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Volunteerism and Your Next Corporate Meeting

The following article was written by Maureen Santoro, Manager, Group Operations for Atlas Travel Meetings & Incentives. The article was originally published in the April 2013 issue of AdminAdvantage: The Exclusive Online Magazine for Administrative Professionals. Click here to view the original article, located on page 17 of the publication.

As an executive assistant, a lot of things end up in your lap when management decides they want to do something. For example, planning the big Corporate Meeting might fall into your lap, often the people at the top of the ladder have a lot of great ideas about what should and should not happen during the event, but then leave it to you to make it all a reality. You are up to the task, of course, but what about the latest trends? For example, if your CEO comes to you and say he or she wants some Corporate Social Responsibility (CSR) at the next meeting, you may not really have any idea what they are talking about. It turns out that CSR is really just a fancy term for “volunteerism.” Here’s how it can be a part of that next corporate meeting.

First, you should know a few things about volunteerism and corporate meetings. There are those who say that the trend is a good one, definitely generating some good public relations for the company. However, there are just as many voices on the other side of the argument, saying that it really doesn’t do much to a company’s credibility, standing in the eyes of the public, and that some of the volunteering activities could injure employees if precautions aren’t taken. Despite this, ultimately CSR is something worth exploring for your company regardless of the trade offs.

Really what CSR or volunteerism means is finding ways to give back to the community wherever the corporate meeting is being held. This is to foster goodwill among the community and your company, hopefully creating a good image in people’s minds about your company. The good news is that nearly every community will have some sort of charity organization that would be more than willing to accept some volunteers. Whether it’s painting rooms in schools, to serving soup at a soup kitchen to helping pack food for families and residents who need it, there is always something. The key is finding the right fit for your company and your corporate culture.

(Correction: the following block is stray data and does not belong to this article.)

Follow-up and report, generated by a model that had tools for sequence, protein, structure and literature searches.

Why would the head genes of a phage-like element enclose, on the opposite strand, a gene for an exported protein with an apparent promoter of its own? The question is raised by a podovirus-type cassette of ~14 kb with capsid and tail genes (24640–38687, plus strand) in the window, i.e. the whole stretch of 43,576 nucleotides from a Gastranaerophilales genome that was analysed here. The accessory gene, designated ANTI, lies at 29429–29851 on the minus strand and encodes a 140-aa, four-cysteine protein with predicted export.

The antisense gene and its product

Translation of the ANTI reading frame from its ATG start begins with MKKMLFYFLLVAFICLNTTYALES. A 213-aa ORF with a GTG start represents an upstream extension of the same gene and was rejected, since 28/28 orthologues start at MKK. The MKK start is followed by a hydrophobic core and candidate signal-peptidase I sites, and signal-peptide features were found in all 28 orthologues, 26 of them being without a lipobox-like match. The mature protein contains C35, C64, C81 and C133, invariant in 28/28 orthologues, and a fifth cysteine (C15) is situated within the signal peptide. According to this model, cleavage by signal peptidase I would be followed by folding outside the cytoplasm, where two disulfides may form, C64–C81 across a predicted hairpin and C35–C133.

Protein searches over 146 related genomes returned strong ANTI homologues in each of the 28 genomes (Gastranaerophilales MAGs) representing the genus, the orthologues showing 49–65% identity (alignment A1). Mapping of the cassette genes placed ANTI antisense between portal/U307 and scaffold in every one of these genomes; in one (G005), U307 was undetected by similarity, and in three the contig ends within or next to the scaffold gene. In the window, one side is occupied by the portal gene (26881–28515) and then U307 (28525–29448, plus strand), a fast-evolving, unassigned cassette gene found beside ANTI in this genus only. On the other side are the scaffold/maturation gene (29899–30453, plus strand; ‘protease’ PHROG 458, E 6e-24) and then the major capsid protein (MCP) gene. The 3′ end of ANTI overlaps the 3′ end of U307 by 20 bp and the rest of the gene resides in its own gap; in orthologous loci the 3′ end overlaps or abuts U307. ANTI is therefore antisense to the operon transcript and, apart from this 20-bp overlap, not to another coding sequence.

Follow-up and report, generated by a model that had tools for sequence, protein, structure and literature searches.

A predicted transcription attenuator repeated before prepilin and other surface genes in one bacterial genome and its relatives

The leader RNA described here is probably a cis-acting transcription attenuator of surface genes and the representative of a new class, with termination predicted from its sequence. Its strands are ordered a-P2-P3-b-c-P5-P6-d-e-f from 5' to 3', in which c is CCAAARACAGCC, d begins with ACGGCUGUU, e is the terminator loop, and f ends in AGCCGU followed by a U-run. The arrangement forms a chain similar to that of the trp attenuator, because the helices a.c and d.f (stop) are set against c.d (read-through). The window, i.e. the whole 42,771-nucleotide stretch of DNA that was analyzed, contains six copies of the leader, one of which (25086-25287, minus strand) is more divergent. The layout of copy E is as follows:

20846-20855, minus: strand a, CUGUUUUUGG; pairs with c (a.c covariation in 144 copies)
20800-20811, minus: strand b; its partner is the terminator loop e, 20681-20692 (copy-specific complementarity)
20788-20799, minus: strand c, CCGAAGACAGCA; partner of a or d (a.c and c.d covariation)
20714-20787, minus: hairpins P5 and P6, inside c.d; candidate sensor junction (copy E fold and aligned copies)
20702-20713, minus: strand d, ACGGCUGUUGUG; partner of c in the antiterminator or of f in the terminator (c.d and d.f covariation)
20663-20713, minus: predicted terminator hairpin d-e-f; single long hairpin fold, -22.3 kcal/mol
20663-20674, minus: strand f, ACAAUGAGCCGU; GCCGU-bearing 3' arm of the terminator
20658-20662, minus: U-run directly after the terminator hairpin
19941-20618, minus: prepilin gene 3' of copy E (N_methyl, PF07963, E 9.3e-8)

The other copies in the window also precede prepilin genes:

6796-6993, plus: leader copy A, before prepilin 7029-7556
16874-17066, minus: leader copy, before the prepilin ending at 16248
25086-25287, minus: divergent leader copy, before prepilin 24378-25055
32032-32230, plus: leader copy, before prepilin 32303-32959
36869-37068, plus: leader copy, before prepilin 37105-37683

What does your company get out of the deal? Well, there is the goodwill that is extended, and the good light that will cast on your company. A more cynical view says that photos and stories from those volunteering posted on your social media sites, or making it into the local press, helps generate some much-needed publicity for your company that looks good. At the same time, people who attend these events are sometimes just looking for something different to do rather than just attend meetings and conferences all day. The goodwill that you extend throughout your workforce might be all the benefit you really need.

So, now that you know what your company gets out of it, and what the community gets out of it, where do find these opportunities? What are some examples of companies that have made volunteerism part of their culture? Here are some examples:

The first thing you should probably do is team up with someone who can help you find activities in the community where you intend to have the big corporate meeting. More than likely, you are not based out of that city or town, so it helps to have someone there who can help. Some of the hotels that you might consider booking for the meeting can help. For example, Fairmont Hotels & Resorts where their Banff Springs location has at least two Corporate Social Responsibility activities. The first is volunteering at a local church where your employee-volunteers can pitch in to help provide a free hot meal to deserving Banff residents. Another activity, done primarily during the summer months, organizes volunteers to help clear debris and trash from the trails of Banff National Park.

Fairmont Hotels & Resorts takes their CSR opportunities and duties very seriously. They have gone so far as writing corporate policy that emphasizes CSR and promotes “green” initiatives. Even more importantly they have actively sought out local community charities and organizations to work with and to help companies work with these charities, as well.

Of course, you can also turn to a meeting planner to assist with the site selection for your next event. That’s because most meeting planners are aware of the trend in CSR or volunteerism, and have already reached out and established contacts with hotels and venues that can help add that element to your next corporate event. That way you don’t have to be the one making all of the phone calls. Plus, a meeting planner might already have a list of charities and other organizations that they can call to help schedule volunteering events even if the chosen venue does not.

The number of companies that are heading into the world of volunteerism is growing. It seems to be a trend that is sticking around for the long haul. It isn’t just small companies doing it, either, some of the biggest names you could mention are involved. For example: Morgan Stanley, Whirlpool, Xerox, Wyeth and Aetna, among others. The companies actually incorporate their CSR activities into more than just the annual corporate meeting, and you might end up doing the very same thing. It just feels good to help people, and once your employees do it, they may want to consider doing it all the time, and not just once a year.

Maureen Santoro is Manager, Group Operations for Atlas Travel Meetings & Incentives. She has 20 years of experience planning meetings for companies of all sizes.

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